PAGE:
Restoration: Soggy Stratoliner
DAVID KNOWLEN CHUCKLES AS HE RECALLS one idea for drying a waterlogged airplane: “Somebody suggested stuffing toilet paper rolls into the wings,” he says. “When they were soaked, just throw them away.”
Knowlen, the director of business affairs for Boeing’s commercial airplanes division, received hundreds of similar proposals in the weeks following March 28. On that day, a four-engine Boeing Stratoliner 307 that Knowlen and dozens of volunteers had spent six years restoring crashed into Seattle’s Elliott Bay within full view of startled diners at a popular waterfront eatery. The refurbished Stratoliner—the world’s first pressurized airliner and one of only 10 built—had been unveiled in June 2001 and was destined for the National Air and Space Museum’s new Steven F. Udvar-Hazy Center in northern Virginia. But on an afternoon test flight, pilots Richard Nelson and Mike Carriker broke off an approach because a landing gear malfunctioned. The engineer manually extended the gear, but the airliner then lost power in all four engines, forcing Nelson to ditch.
After hearing the news, Knowlen, program manager for the restoration, started dialing the 70-plus volunteers who had taken a battered, neglected aircraft and painstakingly transformed it into a gleaming incarnation of the Stratoliner’s original luxe appearance. “To a person, they all said they’d go back to work,” Knowlen says. Thirty hours after the ditching, the Stratoliner was back in the hangar. Crews stripped off the engines, fuel tanks, and interior fittings and began flushing out Elliott Bay’s corrosive saltwater with fresh water from high-pressure hoses. (Another suggestion e-mailed to Knowlen: “Just dip it in a fresh-water lake.”)
Six weeks after the mishap, the Stratoliner was perched on jacks, water still dripping from open panels, its hand-polished aluminum skin splotchy from its dip in saltwater. But Knowlen saw reason for optimism. “This looks miserable,” he says, running a hand along a jagged gash in the starboard wing, one of many gouges and dents. “But the aircraft is structurally sound.” For that, credit the Stratoliner’s rugged construction. The aircraft, which first flew in 1938, shared many design features with the B-17, one of the most battle-worthy aircraft ever built.
Not that there isn’t plenty of work ahead. Electrical components, engines, and the Stratoliner’s Pullman-car-like leather-and-wood interior appointments all were damaged. The engines, instruments, and wiring are being rebuilt or replaced; such rare items as the wall fabric, woven with the Pan American logo by F. Schumacher & Co. of New York, was stained by hydraulic fluid and saltwater and will have to be re-created. Crews are constructing new skin panels to replace many of those damaged.
Weeks after the crash, investigators continued to look for the cause of the Stratoliner’s near-catastrophic mishap. The culprit clearly was lack of fuel, and National Transportation Safety Board investigators were looking at little else, according to Debra Eckrote, an investigator in the Seattle office of the agency. But why did experienced pilots allow the tanks to go dry? One plausible scenario: The gauges or fuel tank sensors were simply wrong. In fact, checking their accuracy had been among the goals of the test flights, as engineers compared fuel loads before and after the flights with instrument readings of consumption and fuel levels. As this issue went to press, the NTSB had tested the fuel system and was finishing its report, which will incorporate information provided by the pilots.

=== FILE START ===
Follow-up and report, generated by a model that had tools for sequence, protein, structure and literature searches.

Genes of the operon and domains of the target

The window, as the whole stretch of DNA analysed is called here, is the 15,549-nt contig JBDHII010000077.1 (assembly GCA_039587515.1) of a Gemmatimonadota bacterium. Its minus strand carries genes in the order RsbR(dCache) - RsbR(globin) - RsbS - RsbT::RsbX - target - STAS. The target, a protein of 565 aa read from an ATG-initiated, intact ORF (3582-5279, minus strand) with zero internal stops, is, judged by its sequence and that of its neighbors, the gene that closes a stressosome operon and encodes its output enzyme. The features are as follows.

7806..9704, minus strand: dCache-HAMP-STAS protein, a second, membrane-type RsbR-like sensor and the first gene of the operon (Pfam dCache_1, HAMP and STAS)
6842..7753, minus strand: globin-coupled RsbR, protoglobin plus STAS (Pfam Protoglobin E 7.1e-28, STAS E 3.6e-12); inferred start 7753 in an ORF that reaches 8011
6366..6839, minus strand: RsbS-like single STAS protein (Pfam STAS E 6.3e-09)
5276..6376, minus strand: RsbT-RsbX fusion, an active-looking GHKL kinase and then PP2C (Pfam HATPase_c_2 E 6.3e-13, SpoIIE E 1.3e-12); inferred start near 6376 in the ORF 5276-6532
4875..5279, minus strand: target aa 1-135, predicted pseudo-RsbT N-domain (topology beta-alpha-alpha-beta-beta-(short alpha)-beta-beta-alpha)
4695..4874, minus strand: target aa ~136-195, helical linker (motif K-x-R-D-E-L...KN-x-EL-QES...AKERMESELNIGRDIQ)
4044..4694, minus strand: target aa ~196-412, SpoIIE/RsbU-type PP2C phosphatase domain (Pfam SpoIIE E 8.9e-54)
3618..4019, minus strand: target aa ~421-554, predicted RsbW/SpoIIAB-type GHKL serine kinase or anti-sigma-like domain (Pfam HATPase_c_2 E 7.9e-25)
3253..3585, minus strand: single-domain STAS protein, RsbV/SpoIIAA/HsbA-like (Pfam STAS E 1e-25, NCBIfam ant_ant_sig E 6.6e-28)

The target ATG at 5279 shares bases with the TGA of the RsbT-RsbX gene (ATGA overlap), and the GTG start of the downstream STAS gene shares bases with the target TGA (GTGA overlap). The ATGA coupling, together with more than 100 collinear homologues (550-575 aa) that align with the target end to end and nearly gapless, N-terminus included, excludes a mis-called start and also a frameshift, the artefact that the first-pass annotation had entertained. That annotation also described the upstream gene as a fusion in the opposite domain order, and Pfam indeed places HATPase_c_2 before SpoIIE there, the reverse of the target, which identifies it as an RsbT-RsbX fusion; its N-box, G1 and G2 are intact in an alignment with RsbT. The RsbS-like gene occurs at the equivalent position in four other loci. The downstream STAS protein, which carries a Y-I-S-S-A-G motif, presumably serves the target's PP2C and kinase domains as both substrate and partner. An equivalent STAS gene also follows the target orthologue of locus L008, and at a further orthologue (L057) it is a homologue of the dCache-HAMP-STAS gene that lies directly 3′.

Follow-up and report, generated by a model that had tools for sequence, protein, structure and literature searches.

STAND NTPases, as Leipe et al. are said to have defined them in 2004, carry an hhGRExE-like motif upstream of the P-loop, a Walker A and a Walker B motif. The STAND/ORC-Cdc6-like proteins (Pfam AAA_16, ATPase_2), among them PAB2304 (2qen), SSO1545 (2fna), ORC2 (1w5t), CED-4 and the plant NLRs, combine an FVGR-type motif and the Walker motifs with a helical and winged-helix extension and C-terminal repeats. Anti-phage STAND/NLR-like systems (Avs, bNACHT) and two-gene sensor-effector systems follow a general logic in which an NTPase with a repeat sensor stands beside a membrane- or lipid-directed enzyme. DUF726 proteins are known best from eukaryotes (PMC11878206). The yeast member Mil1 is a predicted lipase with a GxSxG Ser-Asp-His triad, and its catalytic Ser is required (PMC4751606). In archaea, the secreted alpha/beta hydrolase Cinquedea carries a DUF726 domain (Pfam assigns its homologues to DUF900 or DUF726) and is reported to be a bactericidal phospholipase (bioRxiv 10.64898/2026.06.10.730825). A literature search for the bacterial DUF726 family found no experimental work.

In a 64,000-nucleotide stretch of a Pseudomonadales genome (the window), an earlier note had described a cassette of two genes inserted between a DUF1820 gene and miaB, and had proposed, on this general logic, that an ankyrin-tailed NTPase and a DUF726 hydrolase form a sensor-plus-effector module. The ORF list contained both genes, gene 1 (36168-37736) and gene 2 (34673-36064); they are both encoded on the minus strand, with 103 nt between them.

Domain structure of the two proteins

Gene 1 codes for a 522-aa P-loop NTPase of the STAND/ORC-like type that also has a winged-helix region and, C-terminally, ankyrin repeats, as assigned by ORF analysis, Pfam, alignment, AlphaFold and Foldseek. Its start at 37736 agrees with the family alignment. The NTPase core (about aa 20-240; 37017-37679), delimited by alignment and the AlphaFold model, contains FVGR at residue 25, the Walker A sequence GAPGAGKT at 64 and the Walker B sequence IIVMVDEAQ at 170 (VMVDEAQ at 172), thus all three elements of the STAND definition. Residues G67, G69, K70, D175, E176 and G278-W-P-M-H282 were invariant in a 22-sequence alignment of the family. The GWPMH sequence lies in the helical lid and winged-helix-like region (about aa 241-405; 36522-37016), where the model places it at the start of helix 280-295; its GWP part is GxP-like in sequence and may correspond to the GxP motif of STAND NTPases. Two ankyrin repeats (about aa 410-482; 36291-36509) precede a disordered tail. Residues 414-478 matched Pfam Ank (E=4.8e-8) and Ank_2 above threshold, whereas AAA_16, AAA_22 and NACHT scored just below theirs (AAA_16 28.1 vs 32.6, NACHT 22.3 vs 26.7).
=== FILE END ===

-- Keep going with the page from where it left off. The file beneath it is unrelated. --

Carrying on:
Knowlen is determinedly cheery about the re-restoration. “Out of a situation that was unfortunate,” he says, “some good things have come. So many people who had not been involved [in the original project] have offered help.” But for some of those who spent years restoring the Stratoliner, the sight of its dulled and torn skin was, at best, disheartening. “If you stand back and look at it now, it’s a little discouraging,” says Elliott Brogren, who retired from Boeing after 35 years as an engineer. Brogren had spent more than two years rebuilding the Stratoliner’s battered luggage compartment. But at least this time he has all the pieces he needs. “Before, we were scrounging all over for parts,” Brogren says as he carefully repairs a window shade on the hatch used by Nelson, Carriker, and their two passengers to escape the downed craft. “Now, when we take something off, we save it for repair or use it as a template [for creating a duplicate].” Since the Stratoliner is the only one remaining of its kind, there are no sources for spare parts.
An accident of timing is the reason only 10 Stratoliners were built, according to F. Robert van der Linden, the airplane’s curator at the National Air and Space Museum. “It was a great airplane,” he says, “but World War II got in the way.” By the end of the war, the bigger, faster Lockheed Constellation had supplanted the Stratoliner.
At the new museum, the Stratoliner will join a Constellation, the Boeing Dash 80 (the 707’s prototype, now under restoration right next to the Stratoliner), and a Concorde, among other airliners. In late June, Boeing decided to again restore the aircraft to flying condition, so it can fly to its new home, instead of having to be trucked. No one wanted the Stratoliner’s last flight to be the one that ended in Elliott Bay.